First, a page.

New spin on galaxy rotation saves controversial gravity theory

An international group of astronomers, led by a physicist at the University of St Andrews, has revived an alternative gravity theory.

Headed by Dr Indranil Banik of the School of Physics and Astronomy at St Andrews, the study revealed a high predicted rotation speed of gas in a dwarf galaxy consistent with the previously debunked theory known as Milgromian Dynamics (MOND).

An earlier study of the rotation speed of gas in the dwarf galaxy AGC 114905 (Mancera Pina et al, 2022) found that the gas rotated very slowly and claimed the MOND theory was dead.

Such theories are essential in understanding our universe because, according to known physics, galaxies rotate so quickly they should fly apart. MOND, a controversial alternative to General Relativity, the prevailing Einstein-inspired understanding of the phenomenon of gravity that requires dark matter to hold galaxies together; does not require dark matter. As dark matter has never been detected despite decades of very sensitive searches, various theories have been put forward to explain what holds galaxies together, and debate rages over which is right. The very low rotation speed reported in the Mancera Pina et al study is inconsistent with predictions in a universe governed by General Relativity with large amounts of dark matter.

Dr Banik’s group argues that the high predicted rotation speed in the MOND gravity theory is consistent with observations if the inclination of the galaxy is overestimated.

The rotation of stars and gas in distant galaxies cannot be measured directly. Only the component along the line of sight is known from precise spectroscopic measurements. If the galaxy is viewed almost face-on, then it would mostly rotate within the plane of the sky. This could mislead observers into thinking that the galaxy is actually rotating very slowly, which would require them to overestimate the inclination between disc and sky planes. This inclination was estimated from how elliptical the galaxy appears (see image).

The new study explored this crucial issue using detailed MOND simulations of a disc galaxy similar to AGC 114905 made at the University of Bonn by Srikanth Nagesh and instigated by Pavel Kroupa, Professor at the University of Bonn and Charles University in Prague. The simulations show that it can appear somewhat elliptical even when viewed face-on. This is because stars and gas in the galaxy have gravity and can pull themselves into a somewhat non-circular shape. A similar process causes the spiral arms in disc galaxies, features which are so common that these are often called spiral galaxies.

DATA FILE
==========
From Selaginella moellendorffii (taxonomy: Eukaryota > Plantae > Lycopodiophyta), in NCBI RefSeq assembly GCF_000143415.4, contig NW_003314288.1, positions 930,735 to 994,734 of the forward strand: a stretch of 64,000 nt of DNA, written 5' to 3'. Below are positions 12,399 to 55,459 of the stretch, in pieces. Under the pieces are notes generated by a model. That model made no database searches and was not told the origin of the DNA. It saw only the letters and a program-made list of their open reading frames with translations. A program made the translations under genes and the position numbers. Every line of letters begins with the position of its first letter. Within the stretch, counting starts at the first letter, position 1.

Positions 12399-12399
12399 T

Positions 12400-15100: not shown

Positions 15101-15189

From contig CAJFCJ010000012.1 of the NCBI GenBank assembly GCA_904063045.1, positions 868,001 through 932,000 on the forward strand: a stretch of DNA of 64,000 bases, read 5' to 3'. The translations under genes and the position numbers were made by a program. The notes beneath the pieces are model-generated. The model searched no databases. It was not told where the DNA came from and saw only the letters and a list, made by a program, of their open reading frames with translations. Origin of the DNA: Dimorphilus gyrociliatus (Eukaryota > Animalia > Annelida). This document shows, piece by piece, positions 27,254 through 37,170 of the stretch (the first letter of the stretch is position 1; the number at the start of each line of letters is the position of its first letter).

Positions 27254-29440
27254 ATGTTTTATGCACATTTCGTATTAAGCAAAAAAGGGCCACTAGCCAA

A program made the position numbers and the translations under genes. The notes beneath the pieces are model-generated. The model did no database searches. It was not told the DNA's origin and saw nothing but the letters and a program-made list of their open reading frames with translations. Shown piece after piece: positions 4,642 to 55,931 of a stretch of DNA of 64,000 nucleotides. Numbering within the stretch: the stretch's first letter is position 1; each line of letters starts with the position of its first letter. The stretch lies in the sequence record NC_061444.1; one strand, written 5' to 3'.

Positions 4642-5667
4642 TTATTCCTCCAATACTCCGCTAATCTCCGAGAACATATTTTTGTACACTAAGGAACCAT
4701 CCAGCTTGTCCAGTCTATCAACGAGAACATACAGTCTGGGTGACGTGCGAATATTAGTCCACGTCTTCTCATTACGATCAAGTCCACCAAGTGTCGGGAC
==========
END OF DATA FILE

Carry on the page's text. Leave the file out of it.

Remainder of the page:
As a result, the galaxy could be a lot closer to face-on than the observers thought. This could mean the galaxy is rotating much faster than reported, removing the tension with MOND.

Dr Banik, lead author on the new study, said: “Our simulations show that the inclination of AGC 114905 might be significantly less than reported, which would mean the galaxy is actually rotating much faster than people think, in line with MOND expectations.”

Dr Hongsheng Zhao, of the School of Physics and Astronomy at the University of St Andrews, said: “The very low reported rotation speed of this galaxy is inconsistent with both MOND and the standard approach with dark matter. But only MOND is able to get around this apparent contradiction.”

The new study also argues that a similar ‘fake inclination’ effect is unlikely to arise in the standard dark matter approach because the galaxy is dominated by the smooth dark matter halo. The stars and gas contribute little to the gravity, so the disc is not ‘self-gravitating’.

This means it is likely to look very circular if viewed face-on, as confirmed by simulations carried out by another group (Sellwood & Sanders, 2022). As a result, the observed ellipticity must be due to a significant inclination between the disc and sky planes. The rotation velocity would then be very small, implying that the galaxy has very little dark matter. It is not possible in this framework that an isolated dwarf galaxy would have such a small amount of dark matter given how much mass it has in stars and gas.

Pavel Kroupa, Professor at the University of Bonn and Charles University in Prague, said of the broader context of these results: “While MOND works well in the tests conducted so far, the standard approach causes very severe problems on all scales ranging from dwarf galaxies like AGC 114905 all the way up to cosmological scales, as found by many independent teams.”

The paper ‘Overestimated inclinations of Milgromian disc galaxies: the case of the ultradiffuse galaxy AGC 114905’ is published in Publication Monthly Notices of the Royal Astronomical Society and is available online.


Image: Radio image of the neutral hydrogen gas in the galaxy AGC 114905. Its inclination is estimated from the black ellipse, which fits the data better. Assuming the galaxy is circular when viewed face-on, this implies a moderate inclination of 32°. However, the new study suggests that the blue ellipse for a very low inclination could actually be correct – thus saving the MOND theory – if the galaxy is intrinsically somewhat non-circular. The authors show that this is possible using a dedicated MOND simulation.

Image Credit: Figure 7 of Mancera Pina et al. 2022 (MNRAS, 512, 3230)

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